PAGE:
The Big Green Screen Theater located in the Tom Ridge Environmental Center (TREC) at Presque Isle State Park has made the move to digital cinema technology. The announcement was made by Pennsylvania Department of Conservation and Natural Resources (DCNR) Secretary Richard J. Allan at the Sunset Celebration held on October 26.
This event, hosted by the Friends of The Tom Ridge Environmental Center, also included the presentation of the 2012 John C. Oliver Environmental Leadership Awards. This special recognition was presented to the award recipients by Governor Tom Ridge.
The Big Green Screen Theater is owned and operated by DCNR and offers various educational films for school groups, families and other users of the park. It is the only large format theater in northwest Pennsylvania with its 4-story high, 45-foot wide screen. R&R Technical Services, a full service cinema supply company and Christie partner, installed theChristie Solaria® Series CP2230 projector. It will replace an 8/70.5/70, 4/35 Kinoton Projector, which will, however, remain in operation, for occasional use to show film when a movie title is not yet available in a digital format.
“Presque Isle, with its beautiful coastline and many recreational opportunities, is one of the most-visited state parks in our system, however a lot of that visitation occurs during the warm months,” Allan said. “The Big Screen Theater plays a big role in creating a destination during the off-season at the Tom Ridge Center. That’s why we did not want to skip a beat as the industry transitions from film to a digital format.”
“The Christie CP2230 was chosen because of its superior image quality and reliability, and the full backup services provided by Christie’s Network Operation Center and service team,” said Bob Ray of R & R Technical Services. “With our colleagues at TREC and Poggi Designs, we developed a design and layout of the digital system that accommodates both the Christie 4500 watt Xenon lamp-based projector and the Kinoton. We could see that Christie would produce the best image quality for this large format screen, compared to other brands.
“It was challenging to keep the Kinoton projector fully operational and in the same place, alongside the digital projector, since the front wall of the projection booth was double 8-inch cement block with reinforcement. But after a short closure for upgrades and the installation of a new port opening, we are now able to switch between the film projector and Christie’s in a matter of minutes,” said Mr. Ray.
The agreement with Christie also includes Service Plus, a warranty program that offersnext-day parts delivery and complete remote monitoring to minimize down time from Christie’s Network Operations Center (NOC), ensuring fast and reliable technical support and maintenance for the environmental center. Through remote monitoring, Christie technicians make sure that tens of thousands of displays across the U.S. and Canada are running smoothly, getting timely maintenance and receiving software upgrades.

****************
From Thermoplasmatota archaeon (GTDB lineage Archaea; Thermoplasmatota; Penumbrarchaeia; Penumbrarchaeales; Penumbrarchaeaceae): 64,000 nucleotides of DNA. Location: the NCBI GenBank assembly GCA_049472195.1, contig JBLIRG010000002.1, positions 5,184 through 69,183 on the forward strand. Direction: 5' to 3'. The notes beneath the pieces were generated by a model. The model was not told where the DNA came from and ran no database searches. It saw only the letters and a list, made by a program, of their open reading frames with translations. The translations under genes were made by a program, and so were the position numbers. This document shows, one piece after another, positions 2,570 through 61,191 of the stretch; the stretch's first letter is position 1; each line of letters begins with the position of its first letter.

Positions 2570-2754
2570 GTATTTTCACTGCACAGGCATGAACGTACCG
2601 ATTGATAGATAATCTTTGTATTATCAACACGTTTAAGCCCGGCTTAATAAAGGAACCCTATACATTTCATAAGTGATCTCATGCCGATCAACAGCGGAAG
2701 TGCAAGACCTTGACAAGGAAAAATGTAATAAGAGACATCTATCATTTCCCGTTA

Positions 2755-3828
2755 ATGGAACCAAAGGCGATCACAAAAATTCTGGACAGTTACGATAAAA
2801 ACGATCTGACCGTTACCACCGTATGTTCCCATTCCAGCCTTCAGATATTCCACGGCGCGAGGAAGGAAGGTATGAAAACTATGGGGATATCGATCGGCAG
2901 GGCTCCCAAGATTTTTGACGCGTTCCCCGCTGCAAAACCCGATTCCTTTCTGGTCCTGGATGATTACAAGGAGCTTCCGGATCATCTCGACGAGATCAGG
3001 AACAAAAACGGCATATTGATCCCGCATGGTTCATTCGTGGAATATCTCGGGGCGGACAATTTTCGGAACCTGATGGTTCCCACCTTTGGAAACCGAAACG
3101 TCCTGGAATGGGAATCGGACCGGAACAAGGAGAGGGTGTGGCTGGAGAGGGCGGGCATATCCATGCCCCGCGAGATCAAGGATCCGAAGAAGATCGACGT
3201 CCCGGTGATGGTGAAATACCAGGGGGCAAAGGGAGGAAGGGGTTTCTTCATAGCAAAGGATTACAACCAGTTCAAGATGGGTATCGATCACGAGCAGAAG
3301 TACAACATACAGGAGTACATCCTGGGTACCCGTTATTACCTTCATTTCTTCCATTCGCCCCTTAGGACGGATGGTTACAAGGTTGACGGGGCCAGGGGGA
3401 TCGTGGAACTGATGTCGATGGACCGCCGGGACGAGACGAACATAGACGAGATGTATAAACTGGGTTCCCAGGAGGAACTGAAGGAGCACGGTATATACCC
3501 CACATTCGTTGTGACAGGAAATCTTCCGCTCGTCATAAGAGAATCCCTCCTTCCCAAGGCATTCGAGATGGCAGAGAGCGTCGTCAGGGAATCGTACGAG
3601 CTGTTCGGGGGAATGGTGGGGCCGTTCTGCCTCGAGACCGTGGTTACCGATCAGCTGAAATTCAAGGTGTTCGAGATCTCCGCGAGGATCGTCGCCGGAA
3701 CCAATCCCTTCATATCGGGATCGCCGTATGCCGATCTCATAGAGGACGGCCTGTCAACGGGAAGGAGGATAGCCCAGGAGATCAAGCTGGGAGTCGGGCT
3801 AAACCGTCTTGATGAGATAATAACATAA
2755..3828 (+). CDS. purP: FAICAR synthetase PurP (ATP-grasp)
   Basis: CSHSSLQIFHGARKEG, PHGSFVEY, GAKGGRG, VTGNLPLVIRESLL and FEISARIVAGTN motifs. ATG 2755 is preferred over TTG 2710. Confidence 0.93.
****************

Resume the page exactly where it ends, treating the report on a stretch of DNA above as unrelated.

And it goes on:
Sean James, vice president of Christie Managed Services, noted that the Tom Ridge Environment Center chose Christie’s Service Plus plan, selecting from a menu of services that provides 24/7 remote monitoring of the Christie projectors and connected devices. Through this service, the Center gained access to a local network of technicians for rapid response to technical issues, software upgrades and troubleshooting, as well as repair and replacement of parts for the next 10 years.
More about TREC
The Tom Ridge Environmental Center (TREC), named after Pennsylvania Governor Tom Ridge, is the gateway to Presque Isle. The center is open year-round, offering visitors information and insights into the unique 3,200-acre peninsula and the many different forms of life that inhabit it.
The center was built as a premier green building within Pennsylvania’s state park system. It was designed to achieve a silver LEED (Leadership in Energy and Environmental Design) rating from the U.S. Green Building Council. Incorporated into its design and function are environmental features such as natural ventilation, an inverted roof to collect rainwater, recycled materials wherever possible, native landscaping and renewable energy sources. The building features large and small classrooms and research facilities as well as the theater and a discovery center for younger patrons.
The theater, which hosts hundreds of school and community groups for educational films each year, seats 175 persons and has the largest screen format available in the region.
About the Friends of the Tom Ridge Environmental Center
The mission of the Friends of The Tom Ridge Environmental Center (TREC) is to forge a partnership between the private sector and the PA Department of Conservation and Natural Resources in order to preserve and enhance educational programming, natural history research and visitor services opportunities of the highest quality to assure that the Tom Ridge Environmental Center is nationally recognized as a center of excellence now and for generations to come. For more information, visit www.FriendsofTREC.org.
The Pennsylvania Department of Conservation and Natural Resources is charged with maintaining and protecting 120 state parks; managing 2.2 million acres of state forest land; providing information on the state's ecological and geologic resources; and establishing community conservation partnerships with grants and technical assistance to benefit rivers, trails, greenways, local parks and recreation, regional heritage parks, open space and natural areas. More information at www.dcnr.state.pa.us.